In ongoing efforts to cut costs, Aurora Cannabis will be closing its Sky facility in Edmonton, at one time called one of the company’s flagship facilities.
The company said Thursday it had deemed its Aurora Sky facility in Edmonton, where 13 per cent of its global workforce is employed, and its Aurora Anandia and Whistler Alpha Lake sites “redundant.” Aurora Anandia and Whistler Alpha Lake are expected to close by the fourth quarter of the year and Aurora Sky will close by the third quarter of 2023.
“Projected COGS (costs of goods sold) savings now include the closure of the Aurora Sky facility in Edmonton,” the company said in announcing its third-quarter results Thursday. Sky had previous been announced to be operating at about 25 per cent capacity, the news release said.
The three facilities employ 16 per cent of the company’s workforce, said Aurora spokesperson Kate Hillyar in an email to The Canadian Press. She declined to share the total workforce size.
The Edmonton-based company said it incurred impairment charges that led to a net loss of more than $1 billion in its most recent quarter while pricing pressures that were exacerbated by pot shops closed temporarily during the COVID-19 pandemic ate into its revenues.
The third-quarter loss the Edmonton-based cannabis business reported was up from a more than $160 million loss in the same quarter last year and was coupled with $741.7 million in goodwill impairment charges and $176.1 million in impairment related to property, plants and equipment.
Many of those charges are linked to facilities Aurora said it will cull from its portfolio this year and next in an effort to create “a leaner, more agile organization.”
Inventory, old products, fierce competition
The company’s quarter was weighed down by excess inventory, older products and fierce competition, Miguel Martin, Aurora’s chief executive, said during a call with analysts.
“These dynamics are unsustainable, but we have the scale and resources to navigate through,” Martin said.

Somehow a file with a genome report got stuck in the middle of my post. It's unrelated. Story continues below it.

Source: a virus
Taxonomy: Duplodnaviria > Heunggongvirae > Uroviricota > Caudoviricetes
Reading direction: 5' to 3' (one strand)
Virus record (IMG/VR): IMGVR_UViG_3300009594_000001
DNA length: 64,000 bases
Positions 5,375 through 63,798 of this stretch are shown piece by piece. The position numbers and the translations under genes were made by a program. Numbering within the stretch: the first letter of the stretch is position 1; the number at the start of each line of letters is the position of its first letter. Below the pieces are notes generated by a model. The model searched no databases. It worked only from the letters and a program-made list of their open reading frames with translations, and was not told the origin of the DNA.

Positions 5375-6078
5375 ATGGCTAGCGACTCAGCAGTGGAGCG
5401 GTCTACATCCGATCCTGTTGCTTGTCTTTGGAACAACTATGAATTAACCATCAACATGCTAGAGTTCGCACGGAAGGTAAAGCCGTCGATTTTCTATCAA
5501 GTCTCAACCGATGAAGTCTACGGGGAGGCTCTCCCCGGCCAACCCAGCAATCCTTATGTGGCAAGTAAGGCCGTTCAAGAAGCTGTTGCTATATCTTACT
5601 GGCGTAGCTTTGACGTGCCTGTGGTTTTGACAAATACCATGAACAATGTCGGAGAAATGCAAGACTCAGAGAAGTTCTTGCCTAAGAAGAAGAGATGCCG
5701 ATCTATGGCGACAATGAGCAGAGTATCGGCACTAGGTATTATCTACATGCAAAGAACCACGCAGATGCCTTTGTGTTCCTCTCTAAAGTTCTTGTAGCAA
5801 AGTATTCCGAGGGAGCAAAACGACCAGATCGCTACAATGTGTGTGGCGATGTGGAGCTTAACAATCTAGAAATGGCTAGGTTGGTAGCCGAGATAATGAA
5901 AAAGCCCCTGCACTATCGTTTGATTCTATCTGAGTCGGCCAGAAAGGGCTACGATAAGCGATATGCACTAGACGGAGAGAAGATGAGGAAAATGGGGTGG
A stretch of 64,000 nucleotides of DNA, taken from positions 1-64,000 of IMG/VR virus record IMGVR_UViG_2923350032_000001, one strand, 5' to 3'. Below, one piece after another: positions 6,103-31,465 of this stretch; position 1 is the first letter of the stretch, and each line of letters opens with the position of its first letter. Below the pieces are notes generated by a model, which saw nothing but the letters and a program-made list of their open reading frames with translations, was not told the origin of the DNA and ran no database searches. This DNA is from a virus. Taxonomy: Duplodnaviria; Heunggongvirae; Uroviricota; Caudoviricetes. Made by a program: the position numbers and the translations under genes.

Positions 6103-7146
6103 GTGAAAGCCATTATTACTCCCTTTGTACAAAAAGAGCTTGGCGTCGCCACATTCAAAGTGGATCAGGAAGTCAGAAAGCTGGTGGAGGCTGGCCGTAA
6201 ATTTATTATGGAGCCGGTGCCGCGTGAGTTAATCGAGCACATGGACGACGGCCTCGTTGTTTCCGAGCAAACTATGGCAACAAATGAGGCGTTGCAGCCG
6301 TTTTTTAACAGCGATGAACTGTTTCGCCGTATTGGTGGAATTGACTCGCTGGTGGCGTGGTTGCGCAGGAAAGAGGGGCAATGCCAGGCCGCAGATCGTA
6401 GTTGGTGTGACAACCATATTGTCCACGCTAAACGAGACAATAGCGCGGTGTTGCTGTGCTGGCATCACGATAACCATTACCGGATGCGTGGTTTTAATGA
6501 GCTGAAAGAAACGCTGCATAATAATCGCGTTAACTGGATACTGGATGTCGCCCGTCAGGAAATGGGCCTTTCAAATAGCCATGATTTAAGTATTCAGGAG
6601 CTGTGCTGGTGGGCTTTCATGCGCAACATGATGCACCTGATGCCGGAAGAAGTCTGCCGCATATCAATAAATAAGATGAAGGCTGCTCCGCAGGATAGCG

“In the meantime, our focus remains on maximizing profitability by leveraging low cost production and further rationalizing facilities that no longer make sense, and we have entered higher margin categories.”
Aurora’s loss encompasses a period leading up to the reopening of many businesses that were closed or introduced increased health and safety measures when a spike in COVID-19 cases materialized in Canada.
While many cannabis stores remained open, they reported lower traffic and sales.
In addition to the health crisis, the sector also faced a steep increase in cannabis retailers. In Ontario alone, the number of pot shops swelled to 1,333 in recent months, up from 1,115 at the end of September.
Aurora has been intent on weathering some conditions by focusing on premium products — a departure from competitors who are racing to drop prices in a bid to compete with the illicit market and capture more consumer dollars.
Martin has called this behaviour and the market it has created “irrational,” but on Thursday, he predicted change is coming.
“We expect the recreational (cannabis) market in Canada to correct and when that process is complete we will have added opportunities for market share and pricing,” he said.
As Aurora awaits that time period, it is preparing to release 40 new products between this spring and July, including its first infused pre-rolls and a new vape-edible.
It will also keep a keen on eye on its facilities, which it has been paring down.
Days ago, it announced it will wind down operations at an outdoor grow site in the B.C. Interior because it recently acquired Thrive Cannabis, which has indoor and outdoor grow facilities.
Closing Sky to save $7M per quarter
When it was opened, the Aurora Sky facility was meant to be almost completely automated and would grow mid-tier flower, but the consumer “evolved” and developed more nuanced tastes that did not lend themselves to automation, said Martin.
Sky had to be retrofitted retroactively, but the needs and scale became “a bit of an impediment,” and eventually the company was losing a “significant” amount of money on the facility.
“It just didn’t make sense,” he said, noting closing Sky will save the company $7 million per quarter.
He also announced that the company is expecting to find even more savings from a recent business transformation it began to better align supply and demand. It now anticipates the plan will uncover between $150 and $170 million in savings, up from the $60 to $80 million it previously estimated.
Aurora is on the hunt for savings in part because its basic and diluted loss per share for the quarter it reported Thursday amounted to $4.72 compared to a loss of 83 cents during the third quarter of 2021.
Analysts on average had expected a loss of 34 cents per share, according to financial markets data firm Refinitiv.
Aurora said its net revenue for the period ended March 31 reached $50.4 million, down nine per cent from about $55 million the quarter before.
“In an environment defined by political upheaval, record setting inflation and market volatility, we are intent on controlling what we control and delivering on our target of reaching a profitable adjusted EBITDA run rate by the first half of fiscal 2023,” said Martin.
“In fact, I am very pleased to tell you our plan is working and we are in a better position to hit this goal than we were a quarter ago.”